Sue Asquith, early years consultantReducing plastic waste and single-use plastic at nursery

Plastic, plastic everywhere… early childhood consultant Sue Asquith takes a look at ways you can reduce single-use plastic and plastic waste at your childcare setting.

The (BIG!) plastic problem

Everyone has heard of the 2018 BBC documentary Blue Planet 2, and how it showed the devastating and increasing impact of plastics on our planet, right?

The UK produces up to a whopping 5.2 million tonnes of plastic waste every year! Some of this plastic is difficult (or too expensive!) to recycle and shipping it abroad is just not sustainable.  

Unfortunately it’s no surprise that if you take a walk on the beach as the tide goes out, it is likely you will see lots of rubbish left on the beach. Now you may be nodding at this, but I guess you are also asking ‘what has this to do with my work in the early years?’

Well, we all have a part to play in ensuring that our world is sustainable and fit for future generations. And as an early years professional, you could start by reflecting on your practice and teaching children about looking after our environment.

How could nurseries be contributing to it? 

Just take a moment to stop and think about your use of single-use plastic, personally and at work.

How about the packaging of your lunch? Do you use styrofoam boxes, cling film, plastic single-use cutlery. And how about your carrier bags? 

And what about at nursery, glitter, nappy bags, plastic or vinyl gloves, plastic aprons, single use carton drinks with straws (and the plastic wrapping the straws!), nursery milk, bottled water? I could go on!

Did you know that some of these plastics, for example black plastic ready meal trays and cling film, are either non-recyclable or too complicated and expensive to recycle?

How can you reduce your nursery’s contribution?

Art and crafts 

Have you ever taken a minute to consider the impact that even just glitter could have on our planet? Did you know that tiny particles of glitter end up in the water system and into our sea and wildlife?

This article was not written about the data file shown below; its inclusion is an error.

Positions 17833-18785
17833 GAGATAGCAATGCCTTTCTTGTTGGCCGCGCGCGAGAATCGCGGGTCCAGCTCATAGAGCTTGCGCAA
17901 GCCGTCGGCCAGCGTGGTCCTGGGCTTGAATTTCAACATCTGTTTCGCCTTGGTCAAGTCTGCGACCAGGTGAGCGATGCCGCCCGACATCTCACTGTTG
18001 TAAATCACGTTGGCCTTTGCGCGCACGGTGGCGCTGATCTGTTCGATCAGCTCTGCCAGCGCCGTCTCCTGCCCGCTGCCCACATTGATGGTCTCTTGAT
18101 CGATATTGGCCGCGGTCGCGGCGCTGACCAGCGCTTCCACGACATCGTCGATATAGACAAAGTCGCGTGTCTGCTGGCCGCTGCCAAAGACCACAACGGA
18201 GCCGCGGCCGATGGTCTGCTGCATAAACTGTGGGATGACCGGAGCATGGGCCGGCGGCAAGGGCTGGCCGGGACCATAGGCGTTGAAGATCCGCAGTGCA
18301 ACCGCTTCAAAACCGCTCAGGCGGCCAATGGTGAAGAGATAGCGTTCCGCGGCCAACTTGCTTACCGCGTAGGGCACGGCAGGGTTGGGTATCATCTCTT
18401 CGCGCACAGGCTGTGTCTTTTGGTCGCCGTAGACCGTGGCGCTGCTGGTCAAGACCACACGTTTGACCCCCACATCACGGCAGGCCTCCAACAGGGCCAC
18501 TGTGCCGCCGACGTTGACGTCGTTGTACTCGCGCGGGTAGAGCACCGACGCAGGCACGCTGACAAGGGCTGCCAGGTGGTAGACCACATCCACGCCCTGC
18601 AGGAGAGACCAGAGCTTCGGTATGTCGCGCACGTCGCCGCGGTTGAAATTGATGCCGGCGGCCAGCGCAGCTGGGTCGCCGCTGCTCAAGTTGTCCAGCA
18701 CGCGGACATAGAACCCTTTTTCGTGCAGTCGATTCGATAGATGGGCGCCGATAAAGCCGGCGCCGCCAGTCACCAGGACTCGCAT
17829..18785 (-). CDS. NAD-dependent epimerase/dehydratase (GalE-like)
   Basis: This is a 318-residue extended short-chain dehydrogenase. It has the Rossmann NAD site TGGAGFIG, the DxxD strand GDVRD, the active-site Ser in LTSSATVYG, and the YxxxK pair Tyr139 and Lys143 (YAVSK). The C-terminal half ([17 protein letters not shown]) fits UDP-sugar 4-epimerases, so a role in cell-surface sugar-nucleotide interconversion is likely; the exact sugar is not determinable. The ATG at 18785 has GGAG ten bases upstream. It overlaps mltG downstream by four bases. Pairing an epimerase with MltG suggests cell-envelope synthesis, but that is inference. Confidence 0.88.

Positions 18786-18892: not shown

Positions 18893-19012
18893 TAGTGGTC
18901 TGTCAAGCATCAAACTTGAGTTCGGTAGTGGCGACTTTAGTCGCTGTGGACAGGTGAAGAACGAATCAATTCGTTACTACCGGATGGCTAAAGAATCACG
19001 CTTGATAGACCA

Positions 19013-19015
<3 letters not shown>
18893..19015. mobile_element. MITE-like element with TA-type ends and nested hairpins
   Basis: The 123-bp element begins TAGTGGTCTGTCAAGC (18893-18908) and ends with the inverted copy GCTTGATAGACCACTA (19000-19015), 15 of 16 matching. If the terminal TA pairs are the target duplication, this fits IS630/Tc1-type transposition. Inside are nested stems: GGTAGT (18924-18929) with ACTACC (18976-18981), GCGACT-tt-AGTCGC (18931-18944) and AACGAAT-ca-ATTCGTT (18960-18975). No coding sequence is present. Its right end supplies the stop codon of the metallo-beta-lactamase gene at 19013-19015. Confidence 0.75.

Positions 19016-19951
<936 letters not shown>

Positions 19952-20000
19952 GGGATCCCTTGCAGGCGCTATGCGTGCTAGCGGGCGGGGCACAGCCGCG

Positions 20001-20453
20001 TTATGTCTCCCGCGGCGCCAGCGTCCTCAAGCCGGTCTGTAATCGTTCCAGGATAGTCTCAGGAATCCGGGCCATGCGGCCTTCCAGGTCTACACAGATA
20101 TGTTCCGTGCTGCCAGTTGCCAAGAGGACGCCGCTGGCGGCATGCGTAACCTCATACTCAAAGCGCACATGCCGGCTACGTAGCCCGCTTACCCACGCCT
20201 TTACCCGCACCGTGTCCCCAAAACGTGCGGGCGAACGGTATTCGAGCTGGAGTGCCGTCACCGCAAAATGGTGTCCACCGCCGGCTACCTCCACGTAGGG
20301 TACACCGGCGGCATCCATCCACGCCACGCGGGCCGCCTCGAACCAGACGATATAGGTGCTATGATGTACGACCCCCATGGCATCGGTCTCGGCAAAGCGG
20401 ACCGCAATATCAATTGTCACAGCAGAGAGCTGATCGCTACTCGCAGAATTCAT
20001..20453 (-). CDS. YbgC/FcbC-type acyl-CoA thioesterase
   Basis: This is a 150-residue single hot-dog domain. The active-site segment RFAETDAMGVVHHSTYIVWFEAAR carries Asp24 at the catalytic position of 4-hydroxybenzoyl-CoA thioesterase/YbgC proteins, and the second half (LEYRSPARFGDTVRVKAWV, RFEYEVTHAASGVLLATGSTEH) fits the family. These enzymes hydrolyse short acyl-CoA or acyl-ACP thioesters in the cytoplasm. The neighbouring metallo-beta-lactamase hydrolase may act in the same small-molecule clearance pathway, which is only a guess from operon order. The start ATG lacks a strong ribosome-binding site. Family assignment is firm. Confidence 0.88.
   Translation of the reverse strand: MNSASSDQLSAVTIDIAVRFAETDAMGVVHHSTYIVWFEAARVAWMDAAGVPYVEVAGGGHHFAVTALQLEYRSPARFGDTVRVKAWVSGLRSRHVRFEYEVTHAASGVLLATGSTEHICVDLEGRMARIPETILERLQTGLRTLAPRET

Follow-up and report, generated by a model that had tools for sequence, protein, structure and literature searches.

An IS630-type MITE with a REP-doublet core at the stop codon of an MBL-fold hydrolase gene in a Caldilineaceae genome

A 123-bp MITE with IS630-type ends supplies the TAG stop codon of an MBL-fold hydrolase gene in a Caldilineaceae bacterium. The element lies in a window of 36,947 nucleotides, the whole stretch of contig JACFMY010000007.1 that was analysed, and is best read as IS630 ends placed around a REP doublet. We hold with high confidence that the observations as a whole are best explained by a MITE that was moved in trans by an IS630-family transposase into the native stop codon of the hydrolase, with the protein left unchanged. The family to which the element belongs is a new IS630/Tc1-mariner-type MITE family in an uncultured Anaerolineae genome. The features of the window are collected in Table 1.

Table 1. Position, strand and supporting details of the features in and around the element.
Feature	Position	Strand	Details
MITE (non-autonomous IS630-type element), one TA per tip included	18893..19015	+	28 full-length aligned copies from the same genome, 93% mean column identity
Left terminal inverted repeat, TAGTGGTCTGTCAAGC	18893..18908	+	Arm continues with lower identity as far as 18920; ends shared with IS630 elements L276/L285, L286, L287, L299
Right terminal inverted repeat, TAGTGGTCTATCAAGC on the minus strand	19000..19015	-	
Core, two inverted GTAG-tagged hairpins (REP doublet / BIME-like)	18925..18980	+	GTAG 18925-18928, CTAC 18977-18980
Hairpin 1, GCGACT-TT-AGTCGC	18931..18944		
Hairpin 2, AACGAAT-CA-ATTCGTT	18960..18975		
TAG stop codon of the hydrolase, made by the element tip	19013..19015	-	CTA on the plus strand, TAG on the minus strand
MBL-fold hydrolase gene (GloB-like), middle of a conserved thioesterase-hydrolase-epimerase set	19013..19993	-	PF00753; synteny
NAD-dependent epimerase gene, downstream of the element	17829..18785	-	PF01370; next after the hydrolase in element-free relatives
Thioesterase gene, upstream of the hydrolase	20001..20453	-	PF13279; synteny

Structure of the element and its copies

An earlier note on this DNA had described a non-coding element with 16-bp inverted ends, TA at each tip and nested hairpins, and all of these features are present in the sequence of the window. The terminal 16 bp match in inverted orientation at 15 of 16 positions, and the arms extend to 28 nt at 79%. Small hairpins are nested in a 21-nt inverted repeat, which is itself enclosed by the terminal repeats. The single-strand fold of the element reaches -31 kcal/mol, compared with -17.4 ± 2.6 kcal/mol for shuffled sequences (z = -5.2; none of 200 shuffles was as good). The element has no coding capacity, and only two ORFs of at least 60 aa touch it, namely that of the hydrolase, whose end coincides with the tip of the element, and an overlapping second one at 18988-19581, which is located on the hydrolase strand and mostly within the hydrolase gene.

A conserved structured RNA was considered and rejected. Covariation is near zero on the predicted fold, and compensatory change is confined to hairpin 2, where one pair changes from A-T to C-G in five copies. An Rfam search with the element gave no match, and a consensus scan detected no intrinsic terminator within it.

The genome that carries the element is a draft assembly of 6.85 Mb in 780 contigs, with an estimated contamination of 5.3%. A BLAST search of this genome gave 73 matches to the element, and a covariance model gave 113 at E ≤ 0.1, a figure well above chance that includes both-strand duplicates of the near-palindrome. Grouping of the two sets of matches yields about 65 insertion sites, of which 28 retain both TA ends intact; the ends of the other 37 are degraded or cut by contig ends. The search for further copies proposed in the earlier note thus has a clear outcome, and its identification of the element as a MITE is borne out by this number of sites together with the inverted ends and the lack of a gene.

Could you reduce your plastic glitter use, or even better, find a biodegradable alternative? You could even make your own by using a hole-punch and autumn leaves, for example. 

What about wrapping and craft paper? Make informed choices. Some wrapping and craft paper is recyclable but shiny/foil paper often is not and sometimes the thinner the paper, the harder it is to recycle.  You could purchase brown paper on a roll, often as cheap as or cheaper than wrapping paper. Include your nursery children and have them decorate the paper themselves. 

Nappy changing

There are a multitude of alternatives for your nappy bags, plastic gloves and baby wipes.

  • You could invest in biodegradable nappy bags
  • You can reduce the use of baby wipes by using face cloths to wipe hands and faces
  • You could go back to basics such as using cotton wool to wipe babies.

As with washable nappies, there is of course the argument about the extra washing using cloths can cause, but it is worth weighing up all options all the same. 

Nursery food

Consider how you purchase your fruit and vegetables:

  • Is your nursery food sourced locally? Transporting food around the country impacts the environment too, sometimes trying to select seasonable food helps
  • You could take your own mesh bags, bags-for-life or select paper bags to choose loose vegetables and carry your shopping
  • Consider the packaging of the things you buy, try to avoid choosing over-packaged food and goods or move to fruit and vegetables that aren’t plastic wrapped
  • Is purchasing milk in glass bottles an option in your area, reducing your plastic bottle waste?
  • Try to avoid the single-use plastic cutlery, plates and bowls, and avoid plastic straws.

The best solution of course, is to try to grow some of your own food with the children!

It is so important that the children know where their food comes from; they can learn how to care for plants, new words and concepts all at the same time.

Bags

Although still plastic, bags-for-life and other re-usable solutions help to reduce the use of the thinner carrier bags which are often only used once and then thrown away.

If you have your nursery food delivered, you could ask for it packed into crates without being bagged. Then there are the good old non-plastic shopping bags (my Grandma had a pull along shopping trolley, which lasted for years)! 

All it takes is a bit more forward planning and conscious purchasing.

Remember, the children at your nursery are the next generation. We need to both look after our planet for the sake of their future, and ensure they know how and why we need to look after our planet for future generations. 

Top tip: Consider your waste
Take some time over the next week to consider and list the single-use plastics and other waste at your nursery.

This can include things like baby wipes, gloves, bags and food packaging. Now, consider how you can replace or make more conscious purchasing decisions for each item.

Some of this may be unavoidable of course, but you could look at trying to reduce it.

Child with drinks carton

Gllitter on child's hands

Top tip: Make friends with your local florist!

You could make confetti or sequin glitter alternatives by using a hole-punch and flower petals.

Florists throw away damaged flowers heads and possibly flowers if they are getting past their best.

If risk-assessed and age and stage appropriate, your nursery children can help make this too - perfect for extra learning opportunities!

Plastic nappy change bag

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This blog post was written by early childhood consultant Sue Asquith.

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